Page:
By Show and Tell
By Bree Davies
By Bree Davies
By Cory Casciato
By Emilie Johnson
By Robin Edwards
By Bree Davis
By Josiah M. Hesse
Human beings have reveled in the mocking of solemnity as early as the twelfth century, when subversive subdeacons rang church bells improperly as part of the annual Feast of Fools and food-fighting choir boys mischievously sang out of tune during the Feast of the Boy Bishop. It comes as no surprise, then, that Aunt Edith's Wake, an interactive dinner-theater show about a deceased woman's obnoxious friends and relatives, possesses a fair amount of similarly irreverent charm.
Presented by Venus Productions in a commodious meeting room on the third floor of the Executive Tower hotel downtown, the two-hour production makes for a mildly entertaining, if somewhat expensive, evening. After all, $35 per person seems a bit steep considering that drinks and parking aren't included and that you're actually paying to be harassed by actors while you attempt to savor a pleasant dinner of salad, stuffed chicken breast covered in light pastry, rice, herbed vegetables and your choice of dessert. (Caveat eater: Earlier in the show's run, the meal reportedly consisted of "gravy train"-like stew, stale rolls, overcooked vegetables and no dessert.)
That said, the impishly funereal proceedings are a far cry from the overpriced, overblown and interminable idiocy--not to mention the cheap food, cramped seating and horrendous acting--that permeated last year's local interactive debacle, Tony and Tina's Wedding. In fact, as written and directed by Mel Benetti (who portrayed the photographer in Tony and Tina), the talented performers in Aunt Edith's Wake earn generous, good-natured laughter, especially since their devil-may-care antics are confined to a clearly visible dance floor and an audience area that consists of eight comfortably arranged tables.
The action begins shortly after drink-swilling patrons make their way to a seating area for the start of the funeral service while Gre-gorian chants play in the background. As might be expected, most of the "guests" arrive noisily and late. We're introduced to Skippy (Dave Ballew) and Swa-rithra (Lynn Grasberg), a couple of finger-cymbal-playing new-agers who've made the trip down from Boulder in order to pay their final respects to friend Edith. Encouraging audience members to repeat the mantra "I bless, release and forgive Edith," the bleached-blond reiki master and his eternally smiling girlfriend periodically remind us all to "love, not hate" at crucial moments throughout the evening. In due time, we meet Sergei (Benetti), funeral director at Mortuary Cheycheskey, which, as pronounced by Benetti, sounds as though it's been named in honor of the late Romanian dictator Nicolae Ceausescu. After taking a peek at Aunt Edith's distressed corpse (spectators are invited to proceed past the open coffin and shake hands with family members), you might conclude that the connection between the two monikers isn't a mere coincidence.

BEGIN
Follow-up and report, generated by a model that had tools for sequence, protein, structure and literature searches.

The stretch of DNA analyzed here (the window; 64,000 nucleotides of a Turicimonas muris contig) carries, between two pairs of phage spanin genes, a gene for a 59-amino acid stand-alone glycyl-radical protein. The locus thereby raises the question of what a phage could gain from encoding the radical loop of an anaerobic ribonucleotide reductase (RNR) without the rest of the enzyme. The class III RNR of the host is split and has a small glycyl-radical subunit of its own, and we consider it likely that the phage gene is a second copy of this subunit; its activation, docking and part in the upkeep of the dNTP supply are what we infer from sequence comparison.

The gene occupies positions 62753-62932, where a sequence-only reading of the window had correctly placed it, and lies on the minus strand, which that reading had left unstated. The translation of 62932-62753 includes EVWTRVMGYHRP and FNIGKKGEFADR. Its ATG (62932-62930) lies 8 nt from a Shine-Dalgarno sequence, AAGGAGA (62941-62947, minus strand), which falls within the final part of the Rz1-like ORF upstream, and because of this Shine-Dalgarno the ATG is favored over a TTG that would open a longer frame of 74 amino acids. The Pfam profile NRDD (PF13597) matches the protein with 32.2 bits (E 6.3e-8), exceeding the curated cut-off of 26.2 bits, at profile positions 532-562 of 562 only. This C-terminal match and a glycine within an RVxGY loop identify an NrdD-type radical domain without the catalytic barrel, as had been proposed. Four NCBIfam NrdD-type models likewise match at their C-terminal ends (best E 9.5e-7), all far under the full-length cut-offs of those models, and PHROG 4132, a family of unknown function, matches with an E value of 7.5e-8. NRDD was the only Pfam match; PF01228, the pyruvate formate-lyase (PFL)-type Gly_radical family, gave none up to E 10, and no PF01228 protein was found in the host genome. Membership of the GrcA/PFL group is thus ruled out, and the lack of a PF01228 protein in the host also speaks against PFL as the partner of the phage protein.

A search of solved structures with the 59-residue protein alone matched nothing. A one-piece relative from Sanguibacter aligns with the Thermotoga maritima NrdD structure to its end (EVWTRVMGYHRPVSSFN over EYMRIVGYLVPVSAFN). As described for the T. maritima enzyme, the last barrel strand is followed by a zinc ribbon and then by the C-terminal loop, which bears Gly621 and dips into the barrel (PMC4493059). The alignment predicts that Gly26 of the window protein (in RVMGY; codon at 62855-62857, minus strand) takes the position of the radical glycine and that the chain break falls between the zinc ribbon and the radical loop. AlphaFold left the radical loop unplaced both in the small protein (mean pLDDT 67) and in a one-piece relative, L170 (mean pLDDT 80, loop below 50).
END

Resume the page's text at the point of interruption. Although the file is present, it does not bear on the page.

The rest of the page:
Then, Edith's brother Whiple (Chris Loffelmacher) and his church-lady wife, Gloria (Nancy Stidger), arrive with their lesbian daughter, Dale (Jennifer Lucero). They're joined by Edith's cosmetologist, Cha-Cha (Sherry Coca-Candelaria), her son, Jesus (Vicinte Garcia), Edith's oxygen-bottle-toting best friend, Ida (Lena Hart), and Edith's bulimic personal assistant, M.J. (Lucy Roucis). Rounding out the ragtag coterie of mourners are Edith's shyster lawyer (Ira Liss), his mail-order Russian bride, Katia (Shelly Bordas), a hairless pooch named Ching-Lao and a male nurse (Chadman Oliver) who's the founder of "Homo Nomo," an organization that offers a fourteen-step program for recovering homosexuals.
To their credit, the actors do their level best to amuse without becoming verbally abusive or overly confrontational. Some even manage to combine their considerable improvisational skills with Benetti's sketchy script to create the occasional well-executed sendup. Stidger's overbearing zealot, who leads the audience in a rendition of "What a Friend We Have in Jesus," is particularly effective. And Bordas exudes a wonderfully repressed sexuality when she invites spectators to dance the macarena. True, most of the performers could use a lesson in simple table manners (such as during the aforementioned hovering-during-mealtime behavior), as well as a firmer grasp of what passes for merriment and what's simply annoying. Still, most of the bizarre, post-funeral vignettes--such as when Ida attempts to sing "Every Time We Say Good-bye" or M.J. reads a poem about her experiences in online chatrooms--contain at least a germ of humorous truth, though all of the scenes could use a more experienced hand in orchestrating them toward comic maturity. As with most funerals, director Benetti's campy production succeeds in illuminating the best--and, only rarely, the absolute worst--that his performers have to offer.
Aunt Edith's Wake, presented by Venus Productions through January 31 at the Executive Tower Inn, 1405 Curtis Street, 303-573-5931.